The algorithm of the work requires the following sequence:

 

  1. Initial insulation resistance measurement. The megger is controlled from the PLC through the contactor K2, connected to output Q2. In the process of measuring the contactor K1 (output Q1), supplying the voltage UZ to the motor, is off. By the switches V1-V4, the resistance of the insulation between the three phases is consistently measured. According to that shown in Fig. 3, the sequence of switching is: insulation resistance between phases A and B - V1, V2; phases A and C - V1, V3; phases B and C - V2, V3. For V1-V4 are used the controller outputs Q3-Q6.
  2. After completing the test, the contactor K2 is excluded, which excludes the megger. Typically, in the process of measuring of the insulation resistance of high-voltage electrical machines certain electrical charge is accumulated. Normally, its dilution is made by connecting the phases to ground, but the absence of such in a vessel requires certain particularities. After completing the test, it is possible to realize the following option in the program of the PLC: the four contactors V1-V4 switch on, which short-connect the three phases of the motor. Time needed in this scheme must comply with specific machines. The process of dilution will be hampered by the lack of land to which connect the phases of the engine. It should be borne in mind that it is necessary to protect the power supply line by the surge caused by the charge into the engine at the moment of re-submission of the drying voltage Uz.
  3. The controller accounts the measured values of the insulation resistance between the three phases. In case of poor insulation resistance the contactor K1 is turned on for submitting the voltage Uz to the electric motor. The parameters of this apparatus must comply with specific motor and the current flowing through his windings during the drying. If it is provided that the rotor shoud be stationary, a three-phase rectifier (Larionov circuit) and constant power supply must be used.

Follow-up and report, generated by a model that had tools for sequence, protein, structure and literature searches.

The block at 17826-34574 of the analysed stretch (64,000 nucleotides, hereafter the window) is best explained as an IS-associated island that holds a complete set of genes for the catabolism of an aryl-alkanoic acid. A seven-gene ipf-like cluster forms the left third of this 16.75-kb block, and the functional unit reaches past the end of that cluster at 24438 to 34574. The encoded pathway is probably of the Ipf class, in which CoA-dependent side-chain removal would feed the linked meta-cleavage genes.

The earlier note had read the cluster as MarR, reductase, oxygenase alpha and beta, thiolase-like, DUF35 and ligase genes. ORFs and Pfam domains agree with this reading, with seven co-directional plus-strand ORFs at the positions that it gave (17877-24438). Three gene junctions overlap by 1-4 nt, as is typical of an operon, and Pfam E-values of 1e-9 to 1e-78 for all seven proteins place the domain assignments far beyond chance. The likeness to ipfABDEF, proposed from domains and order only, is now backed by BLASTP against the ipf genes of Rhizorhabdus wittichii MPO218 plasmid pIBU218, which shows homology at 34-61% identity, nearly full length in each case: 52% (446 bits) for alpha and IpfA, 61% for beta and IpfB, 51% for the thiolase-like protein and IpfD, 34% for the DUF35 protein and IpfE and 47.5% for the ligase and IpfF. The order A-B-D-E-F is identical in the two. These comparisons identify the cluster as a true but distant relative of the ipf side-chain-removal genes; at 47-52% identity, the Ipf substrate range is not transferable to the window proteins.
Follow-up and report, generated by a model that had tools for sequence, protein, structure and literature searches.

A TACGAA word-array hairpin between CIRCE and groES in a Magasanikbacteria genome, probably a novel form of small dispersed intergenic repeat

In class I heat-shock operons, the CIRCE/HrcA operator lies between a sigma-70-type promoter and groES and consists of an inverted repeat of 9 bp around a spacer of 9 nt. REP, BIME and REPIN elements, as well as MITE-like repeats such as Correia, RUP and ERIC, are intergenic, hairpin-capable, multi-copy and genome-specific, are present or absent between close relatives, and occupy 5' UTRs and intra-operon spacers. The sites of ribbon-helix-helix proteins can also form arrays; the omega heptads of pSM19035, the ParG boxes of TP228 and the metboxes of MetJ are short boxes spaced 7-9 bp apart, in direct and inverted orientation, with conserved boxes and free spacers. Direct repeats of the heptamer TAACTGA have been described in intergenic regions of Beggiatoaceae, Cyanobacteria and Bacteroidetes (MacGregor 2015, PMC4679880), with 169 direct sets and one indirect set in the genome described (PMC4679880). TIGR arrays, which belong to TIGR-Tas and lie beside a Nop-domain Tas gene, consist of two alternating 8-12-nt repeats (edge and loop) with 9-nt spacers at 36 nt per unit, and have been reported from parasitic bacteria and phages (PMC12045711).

4. After a certain time, set by the timer setting in the controller, the insulation resistance measurement is repeated.
  5. The process ends when acceptable insulation resistance between the phases is registered. A signal for completion of the drying process is done by the controller.

 

The functional blocks of the built experimental model of the PLC controlled drying system, are shown in Fig. 4. Their setup and use, regardless of the selected controller type, requires the implementation of functions used to manage the system and the process of drying.

Fig.4 A - timer. It is necessary to use three timers T01, T02 and T03 for time recording: T01 - between two consecutive measurements (e.g. 30 minutes), T02 by the beginning of the running measurement up to 15s and T03 by the beginning of the running measurement up to 30s. The coefficient of absorption is determined by the last two timers.

Fig.4 B - comparator. Compares the measured analog value coming from the megger with a constant value. By the result the state of the insulation is determined and the comparator decide after starting of K1 or termination of the drying.

Fig.4 C - counter. The use of multiple counting units allows the realization of some additional options. By counting the cycles of drying can be estimated the running time. In some cases, it stipulates that the drying process continue for some time after reaching the allowable insulation resistance, as a normative calls that may be 1-2 hours. Implementation can be done with a timer set at the required time without interrupting the process or by counting the necessary cycles of drying by control measurements.